Canine congestive heart failure is the final result of severe heart disease or a genetic malformation of the heart muscle. When these conditions severely lessen the heart's ability to pump efficiently, circulatory failure eventually leads to fluid retention in the dog's body cavities.
Causes of Canine Congestive Heart Failure
Many things can cause a dog's heart to fail. Some of these conditions are preventable or treatable, others are not. The most common causes of congestive heart failure in dogs are:
- Degeneration of the heart valves (endocardiosis)
- Heartworm disease
- Dilated cardiomyopathy
- Inflammation and diseases of the pericardium
- Heart valve infection (endocarditis)
- Congenital heart defects
Due to the many causes of heart failure, dogs of any age or breed can develop this condition. Small breed dogs are more apt to have congestive heart failure because degeneration of the heart valves is the more common than in larger breeds. The breeds most genetically prone to this condition are:
- Cavalier King Charles Spaniels
- Toy Poodles
- Cocker Spaniels
- Yorkshire Terriers
Some larger dog breeds predisposed to heart disease include:
- Doberman Pinschers
- Great Danes
- St. Bernard
- Afghan Hound
There are two types of canine congestive heart failure (CHF): left-sided CHF and right-sided CHF. They have some symptoms in common, and some that are unique. If your dog is displaying any of these symptoms, take him to his veterinarian and discuss the possibility of heart failure with her.
Left-sided CHF Symptoms
Right-sided CHF Symptoms
- Swollen abdomen from fluid build up
- Intolerance to exercise
- Rapid breathing
- Difficulty breathing
- Swelling of the limbs
If your dog is displaying consistent fatigue, appears depressed, has difficulty breathing, chronic cough, or swelling in his body, you should seek veterinary advice. These symptoms may not be heart failure, but can be an indication of another serious health issue. Any dog with difficulty breathing or collapse should see a vet immediately!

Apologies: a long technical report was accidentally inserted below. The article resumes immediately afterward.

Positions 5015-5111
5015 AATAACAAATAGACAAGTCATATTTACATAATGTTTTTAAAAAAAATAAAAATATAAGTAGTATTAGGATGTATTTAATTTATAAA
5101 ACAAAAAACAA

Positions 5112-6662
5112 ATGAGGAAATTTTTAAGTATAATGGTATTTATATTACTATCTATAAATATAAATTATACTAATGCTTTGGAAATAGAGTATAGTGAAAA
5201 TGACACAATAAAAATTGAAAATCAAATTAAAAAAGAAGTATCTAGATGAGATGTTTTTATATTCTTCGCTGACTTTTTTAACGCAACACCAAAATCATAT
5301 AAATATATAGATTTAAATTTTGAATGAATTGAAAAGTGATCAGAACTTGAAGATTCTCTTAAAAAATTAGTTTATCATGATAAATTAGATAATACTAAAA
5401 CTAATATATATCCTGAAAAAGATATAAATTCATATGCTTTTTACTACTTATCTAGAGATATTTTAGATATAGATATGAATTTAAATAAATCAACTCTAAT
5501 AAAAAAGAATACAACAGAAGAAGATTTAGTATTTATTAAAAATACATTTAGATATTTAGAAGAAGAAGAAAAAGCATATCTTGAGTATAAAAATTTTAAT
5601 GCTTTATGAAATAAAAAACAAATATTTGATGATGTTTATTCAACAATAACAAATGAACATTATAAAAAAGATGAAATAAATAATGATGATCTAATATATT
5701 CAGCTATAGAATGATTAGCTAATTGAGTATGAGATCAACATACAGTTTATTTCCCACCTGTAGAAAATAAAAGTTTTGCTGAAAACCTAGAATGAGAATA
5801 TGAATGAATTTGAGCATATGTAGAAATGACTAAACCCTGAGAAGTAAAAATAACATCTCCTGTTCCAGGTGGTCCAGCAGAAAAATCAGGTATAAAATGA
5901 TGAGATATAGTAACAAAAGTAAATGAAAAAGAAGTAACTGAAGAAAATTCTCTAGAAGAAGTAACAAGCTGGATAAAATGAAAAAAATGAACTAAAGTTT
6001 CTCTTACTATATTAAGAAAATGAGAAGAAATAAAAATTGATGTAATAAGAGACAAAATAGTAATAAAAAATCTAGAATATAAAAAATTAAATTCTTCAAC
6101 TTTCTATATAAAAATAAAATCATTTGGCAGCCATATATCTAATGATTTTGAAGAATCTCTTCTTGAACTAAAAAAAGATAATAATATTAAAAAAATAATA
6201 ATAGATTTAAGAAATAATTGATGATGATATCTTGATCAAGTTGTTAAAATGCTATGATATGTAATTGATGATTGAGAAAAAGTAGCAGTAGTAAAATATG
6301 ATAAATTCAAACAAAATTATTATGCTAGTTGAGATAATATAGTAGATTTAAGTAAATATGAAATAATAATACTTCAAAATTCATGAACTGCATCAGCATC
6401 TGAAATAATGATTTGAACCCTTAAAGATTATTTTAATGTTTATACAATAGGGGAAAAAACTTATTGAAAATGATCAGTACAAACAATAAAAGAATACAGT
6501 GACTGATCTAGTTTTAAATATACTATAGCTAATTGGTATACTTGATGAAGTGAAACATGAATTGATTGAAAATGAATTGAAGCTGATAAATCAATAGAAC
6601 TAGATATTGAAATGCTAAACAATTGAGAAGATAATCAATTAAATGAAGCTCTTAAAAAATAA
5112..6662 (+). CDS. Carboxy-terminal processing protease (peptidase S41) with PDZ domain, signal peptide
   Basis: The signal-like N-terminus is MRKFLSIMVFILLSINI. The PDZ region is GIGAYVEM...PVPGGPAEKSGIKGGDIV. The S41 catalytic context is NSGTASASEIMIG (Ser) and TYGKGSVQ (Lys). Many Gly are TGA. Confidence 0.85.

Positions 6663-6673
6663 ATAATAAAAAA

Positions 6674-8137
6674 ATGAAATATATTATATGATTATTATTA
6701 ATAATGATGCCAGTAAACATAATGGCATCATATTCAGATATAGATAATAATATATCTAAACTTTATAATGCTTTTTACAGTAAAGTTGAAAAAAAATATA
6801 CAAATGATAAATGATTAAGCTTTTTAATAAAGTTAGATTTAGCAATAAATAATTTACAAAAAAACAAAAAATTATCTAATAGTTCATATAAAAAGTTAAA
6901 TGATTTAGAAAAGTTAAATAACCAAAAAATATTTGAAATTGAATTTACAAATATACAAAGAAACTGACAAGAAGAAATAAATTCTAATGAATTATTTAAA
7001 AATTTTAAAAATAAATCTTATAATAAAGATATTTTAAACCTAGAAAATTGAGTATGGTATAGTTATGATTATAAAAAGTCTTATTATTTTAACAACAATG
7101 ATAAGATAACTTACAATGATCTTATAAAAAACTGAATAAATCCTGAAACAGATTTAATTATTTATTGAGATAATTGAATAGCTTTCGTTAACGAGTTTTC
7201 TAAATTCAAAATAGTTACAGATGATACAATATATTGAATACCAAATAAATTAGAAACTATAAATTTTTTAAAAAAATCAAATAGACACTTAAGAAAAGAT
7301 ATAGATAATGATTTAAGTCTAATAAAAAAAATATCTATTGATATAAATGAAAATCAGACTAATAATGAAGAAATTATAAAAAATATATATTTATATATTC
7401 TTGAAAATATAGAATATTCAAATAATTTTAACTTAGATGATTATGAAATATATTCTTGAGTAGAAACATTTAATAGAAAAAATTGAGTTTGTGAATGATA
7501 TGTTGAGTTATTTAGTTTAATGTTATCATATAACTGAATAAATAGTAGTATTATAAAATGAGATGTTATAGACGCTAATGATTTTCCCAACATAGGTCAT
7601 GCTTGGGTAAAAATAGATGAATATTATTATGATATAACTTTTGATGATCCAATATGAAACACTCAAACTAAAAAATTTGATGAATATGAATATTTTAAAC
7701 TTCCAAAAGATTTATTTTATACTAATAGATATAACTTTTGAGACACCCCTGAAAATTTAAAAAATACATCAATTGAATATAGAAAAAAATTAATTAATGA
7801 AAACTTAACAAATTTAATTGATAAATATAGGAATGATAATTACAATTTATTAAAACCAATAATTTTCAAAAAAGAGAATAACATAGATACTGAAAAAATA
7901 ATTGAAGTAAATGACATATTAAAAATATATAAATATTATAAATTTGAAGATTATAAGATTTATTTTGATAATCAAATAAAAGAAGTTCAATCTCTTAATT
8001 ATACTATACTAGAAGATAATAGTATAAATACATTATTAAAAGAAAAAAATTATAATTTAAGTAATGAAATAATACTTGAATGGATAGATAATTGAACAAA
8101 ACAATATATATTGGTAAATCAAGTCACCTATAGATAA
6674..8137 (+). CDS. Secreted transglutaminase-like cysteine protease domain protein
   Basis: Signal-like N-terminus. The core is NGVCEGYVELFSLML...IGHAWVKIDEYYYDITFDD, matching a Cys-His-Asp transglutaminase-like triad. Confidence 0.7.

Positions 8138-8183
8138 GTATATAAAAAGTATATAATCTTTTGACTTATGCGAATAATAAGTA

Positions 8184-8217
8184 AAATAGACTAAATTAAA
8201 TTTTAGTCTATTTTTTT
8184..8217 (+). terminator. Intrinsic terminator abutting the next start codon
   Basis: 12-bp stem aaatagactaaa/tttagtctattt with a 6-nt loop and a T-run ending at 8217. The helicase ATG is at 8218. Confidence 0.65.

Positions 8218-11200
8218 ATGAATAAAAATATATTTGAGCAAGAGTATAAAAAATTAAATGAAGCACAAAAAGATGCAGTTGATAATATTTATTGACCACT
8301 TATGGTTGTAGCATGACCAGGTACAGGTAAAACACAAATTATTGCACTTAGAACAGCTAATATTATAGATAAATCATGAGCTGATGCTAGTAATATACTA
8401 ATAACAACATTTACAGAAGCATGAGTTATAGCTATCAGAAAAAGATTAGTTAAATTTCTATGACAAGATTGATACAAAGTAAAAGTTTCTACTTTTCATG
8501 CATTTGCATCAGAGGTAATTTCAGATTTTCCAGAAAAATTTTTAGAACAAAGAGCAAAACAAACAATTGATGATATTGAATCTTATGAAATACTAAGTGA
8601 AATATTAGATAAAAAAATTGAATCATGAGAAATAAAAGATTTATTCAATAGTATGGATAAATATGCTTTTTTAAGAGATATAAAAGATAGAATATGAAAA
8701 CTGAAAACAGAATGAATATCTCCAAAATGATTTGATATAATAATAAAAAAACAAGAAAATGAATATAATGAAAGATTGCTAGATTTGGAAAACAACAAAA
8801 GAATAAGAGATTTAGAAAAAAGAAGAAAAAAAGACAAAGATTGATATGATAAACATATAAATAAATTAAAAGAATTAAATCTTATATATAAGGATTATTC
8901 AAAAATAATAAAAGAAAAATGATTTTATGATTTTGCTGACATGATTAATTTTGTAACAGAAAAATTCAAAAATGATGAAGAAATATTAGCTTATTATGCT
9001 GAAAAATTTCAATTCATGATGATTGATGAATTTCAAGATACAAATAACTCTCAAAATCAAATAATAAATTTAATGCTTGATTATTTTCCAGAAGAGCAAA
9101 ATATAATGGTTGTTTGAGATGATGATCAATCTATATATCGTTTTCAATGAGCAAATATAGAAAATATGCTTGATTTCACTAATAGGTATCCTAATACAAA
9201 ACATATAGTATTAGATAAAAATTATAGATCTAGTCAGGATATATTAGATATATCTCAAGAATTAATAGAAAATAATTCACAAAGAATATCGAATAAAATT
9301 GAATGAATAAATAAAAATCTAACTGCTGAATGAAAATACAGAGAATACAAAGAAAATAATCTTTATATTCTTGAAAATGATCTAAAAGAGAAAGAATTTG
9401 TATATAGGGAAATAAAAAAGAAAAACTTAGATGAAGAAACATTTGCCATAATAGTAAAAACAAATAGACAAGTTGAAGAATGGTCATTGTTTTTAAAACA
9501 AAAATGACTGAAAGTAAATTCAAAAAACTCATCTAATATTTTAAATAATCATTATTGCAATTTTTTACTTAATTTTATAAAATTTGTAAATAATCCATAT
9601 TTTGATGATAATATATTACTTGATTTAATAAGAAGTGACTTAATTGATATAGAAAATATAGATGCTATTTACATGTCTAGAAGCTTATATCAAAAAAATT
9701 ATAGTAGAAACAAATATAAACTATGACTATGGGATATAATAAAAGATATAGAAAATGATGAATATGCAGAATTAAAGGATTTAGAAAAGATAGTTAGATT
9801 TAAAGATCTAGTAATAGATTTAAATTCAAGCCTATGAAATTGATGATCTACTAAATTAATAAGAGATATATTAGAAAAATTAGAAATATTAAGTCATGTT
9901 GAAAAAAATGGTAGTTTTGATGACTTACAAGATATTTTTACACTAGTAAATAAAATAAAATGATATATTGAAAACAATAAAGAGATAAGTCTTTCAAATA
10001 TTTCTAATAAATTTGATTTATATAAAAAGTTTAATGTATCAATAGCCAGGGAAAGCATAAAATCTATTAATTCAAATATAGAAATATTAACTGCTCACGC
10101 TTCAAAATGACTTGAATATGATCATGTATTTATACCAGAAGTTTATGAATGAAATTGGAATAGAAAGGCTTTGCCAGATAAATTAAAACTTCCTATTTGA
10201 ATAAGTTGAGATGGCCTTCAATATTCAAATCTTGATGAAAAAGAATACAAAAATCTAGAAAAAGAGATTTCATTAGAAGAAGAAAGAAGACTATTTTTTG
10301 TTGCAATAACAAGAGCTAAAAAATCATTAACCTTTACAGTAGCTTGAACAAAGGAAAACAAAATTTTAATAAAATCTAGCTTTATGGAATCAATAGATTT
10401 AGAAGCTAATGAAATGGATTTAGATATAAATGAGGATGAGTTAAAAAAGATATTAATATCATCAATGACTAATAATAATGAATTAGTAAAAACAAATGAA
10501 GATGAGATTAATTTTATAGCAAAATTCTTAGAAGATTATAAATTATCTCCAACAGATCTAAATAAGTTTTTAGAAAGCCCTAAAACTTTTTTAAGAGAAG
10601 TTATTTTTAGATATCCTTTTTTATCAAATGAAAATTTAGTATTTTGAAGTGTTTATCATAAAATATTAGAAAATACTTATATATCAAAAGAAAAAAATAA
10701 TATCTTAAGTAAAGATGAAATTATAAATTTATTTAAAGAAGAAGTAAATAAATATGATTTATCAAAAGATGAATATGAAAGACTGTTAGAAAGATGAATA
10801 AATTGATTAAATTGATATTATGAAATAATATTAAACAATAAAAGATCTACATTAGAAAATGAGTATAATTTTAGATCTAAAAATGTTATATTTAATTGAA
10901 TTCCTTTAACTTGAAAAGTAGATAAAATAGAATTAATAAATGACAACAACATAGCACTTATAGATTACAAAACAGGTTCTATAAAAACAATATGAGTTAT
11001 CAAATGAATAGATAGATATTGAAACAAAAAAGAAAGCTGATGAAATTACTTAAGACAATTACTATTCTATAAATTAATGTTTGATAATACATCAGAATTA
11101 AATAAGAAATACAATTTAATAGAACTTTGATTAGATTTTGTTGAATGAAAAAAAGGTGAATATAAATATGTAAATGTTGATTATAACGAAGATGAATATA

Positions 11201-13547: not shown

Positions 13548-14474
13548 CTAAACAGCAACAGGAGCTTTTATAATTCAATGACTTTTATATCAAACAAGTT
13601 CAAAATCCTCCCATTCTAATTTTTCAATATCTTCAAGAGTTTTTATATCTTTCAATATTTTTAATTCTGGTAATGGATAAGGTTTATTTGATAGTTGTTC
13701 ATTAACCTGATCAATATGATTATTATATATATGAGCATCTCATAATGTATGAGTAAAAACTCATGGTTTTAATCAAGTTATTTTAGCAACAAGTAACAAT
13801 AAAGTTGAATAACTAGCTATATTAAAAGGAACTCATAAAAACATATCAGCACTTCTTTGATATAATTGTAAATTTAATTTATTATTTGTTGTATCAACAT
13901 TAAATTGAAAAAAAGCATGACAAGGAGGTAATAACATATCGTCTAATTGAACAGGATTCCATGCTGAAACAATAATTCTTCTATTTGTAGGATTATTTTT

Canine congestive heart failure can often be diagnosed by your vet by using a stethoscope to listen to his heart and lungs. Other testing procedures that may be used are x-rays, an echocardiogram, an electrocardiogram, or measuring blood pressure. Doing these tests will allow the vet to develop a treatment plan. Treatment will depend on the underlying cause of the dog's heart problem.
Depending on the cause of your dog's heart failure, your veterinarian may employ several steps for treating this serious health issue.
- Initial hospitalization to stabilize your dog if he is in distress
- Supplemental oxygen
- Diuretics to encourage fluid elimination
- Nitroglycerine paste applied topically
- More advanced drug infusions such as nitroprusside or dobutamine
- Angiotensin converting enzyme inhibitor drugs that make it easier for the heart to do its work
- Digoxin to help lower the heart rate and treat certain arrhythmias
- Pimobendan - a newer drug that can help contractility of the heart
- Low-sodium diet and nutritional supplements
Following the treatment plan prescribed by your veterinarian will make your dog more comfortable and prolong his life.
At Home Care
Monitor your dog's appetite and activity level. Keep him free from stress and allow him to enjoy an activity level that he is comfortable with. Signs of heavy breathing and fainting signal an emergency situation and should be addressed with your veterinarian right away.
Follow the diet treatment plan advised by your veterinarian and be sure to give your dog all the necessary medications he should be taking.
There are few things that can be done to prevent canine heart failure. Keeping your dog on a regular heartworm preventative can eliminate these parasites as a cause of heart failure. If your vet notices a heart murmur, this can be an early sign of disease in the heart valves. Your vet may recommend a chest x-ray or echocardiogram before any symptoms of heart failure if there is a significant murmur present.
Most heart disease is not caused by factors in the dog's environment, but by genetic predisposition to this health issue. Dogs that have heart defects should not be bred. A responsible breeder tests for such problems and does not continue to include dogs with heart defects in their breeding program.